Borrowing family members

On theĀ  Ancestry website, my great grandfather appeared in a family tree. According to the family tree that the person had assembled, he had lived in New Zealand, which was a fact that did not fit in with what I had learned of him.

Was there something I did not know? Perhaps there were generations of family members about whom I knew nothing. I clicked to open the family tree to see how he fitted into their generations of members. The tree noted his army service, about which I knew, but according to the information, he had enlisted not when he was in Aller in Somerset, when, according to military records, he was eighteen years and eight months old, but instead, in New Zealand, when he was just seven years of age.

Someone seems to have taken his name to fill in a gap in their family tree. A brief moment’s thought should have told the person who decided to insert the name of my great grandfather that no-one joined the British army at the age of seven – even in Victorian times! A cross-check would have shown them that three years after they suggested he had joined the army, he was living with his family in a small West Country village, attending the village school, as the law required him to do until he reached the age of thirteen.

It is tempting sometimes to add members to a family tree on a speculative basis. My mother wanted to know the name of an aunt in Swanage, Dorset with whom my grandmother lived in the First World War. Known in memory as “Great Aunt Old,” there was never clarity about the lady’s connection with our family.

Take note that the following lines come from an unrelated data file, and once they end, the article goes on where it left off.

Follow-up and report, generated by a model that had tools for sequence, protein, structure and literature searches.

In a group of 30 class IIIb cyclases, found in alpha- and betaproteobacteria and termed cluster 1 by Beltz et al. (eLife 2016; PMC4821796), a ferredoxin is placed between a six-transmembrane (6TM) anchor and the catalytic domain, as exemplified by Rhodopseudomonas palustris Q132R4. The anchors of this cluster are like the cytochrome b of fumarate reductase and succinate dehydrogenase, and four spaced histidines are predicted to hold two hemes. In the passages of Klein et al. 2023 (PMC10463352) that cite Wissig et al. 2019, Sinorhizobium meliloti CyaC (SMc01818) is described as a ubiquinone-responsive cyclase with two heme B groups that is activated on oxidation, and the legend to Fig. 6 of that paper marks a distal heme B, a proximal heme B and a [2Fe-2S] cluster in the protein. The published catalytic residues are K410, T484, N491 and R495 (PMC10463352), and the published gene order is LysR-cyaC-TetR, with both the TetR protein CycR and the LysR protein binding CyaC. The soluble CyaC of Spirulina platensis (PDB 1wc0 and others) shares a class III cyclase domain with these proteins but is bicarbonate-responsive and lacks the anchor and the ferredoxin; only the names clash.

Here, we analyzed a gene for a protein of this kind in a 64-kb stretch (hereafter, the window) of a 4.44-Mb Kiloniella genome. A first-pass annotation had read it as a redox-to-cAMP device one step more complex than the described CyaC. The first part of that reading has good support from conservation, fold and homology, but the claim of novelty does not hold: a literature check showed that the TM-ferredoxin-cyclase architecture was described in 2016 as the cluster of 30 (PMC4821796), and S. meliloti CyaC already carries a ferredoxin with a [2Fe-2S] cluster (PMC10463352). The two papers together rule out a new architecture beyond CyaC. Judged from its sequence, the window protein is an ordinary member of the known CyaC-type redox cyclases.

“What was her proper name, Mum?”

“I don’t know, we always knew her as Great Aunt Old.”

A search revealed a lady with the surname of Old who had been born in Swanage and was living in Dorchester in 1911. The towns are not far apart. Would it have been legitimate to have imagined that the lady moved back to her hometown when the war began?

During years of parish ministry, there were often occasions when people sought the stories of their ancestors with very little information.

Many Irish people who emigrated had limited literacy; many had their names misspelt by immigration officials; many came from families of limited means who would mark graves with a single piece of rough stone.

It was sometimes almost impossible to establish definitive connections between visitors and their forebears, yet there was always a desire to give people a sense of place, a sense of rootedness. People wanted to believe the stories they had received, who I was I to dispel their ideas? Sometimes I would say, “it could have been.”

Perhaps, further research revealed that “it could not have been,” but in the meantime they borrowed someone for their family tree.


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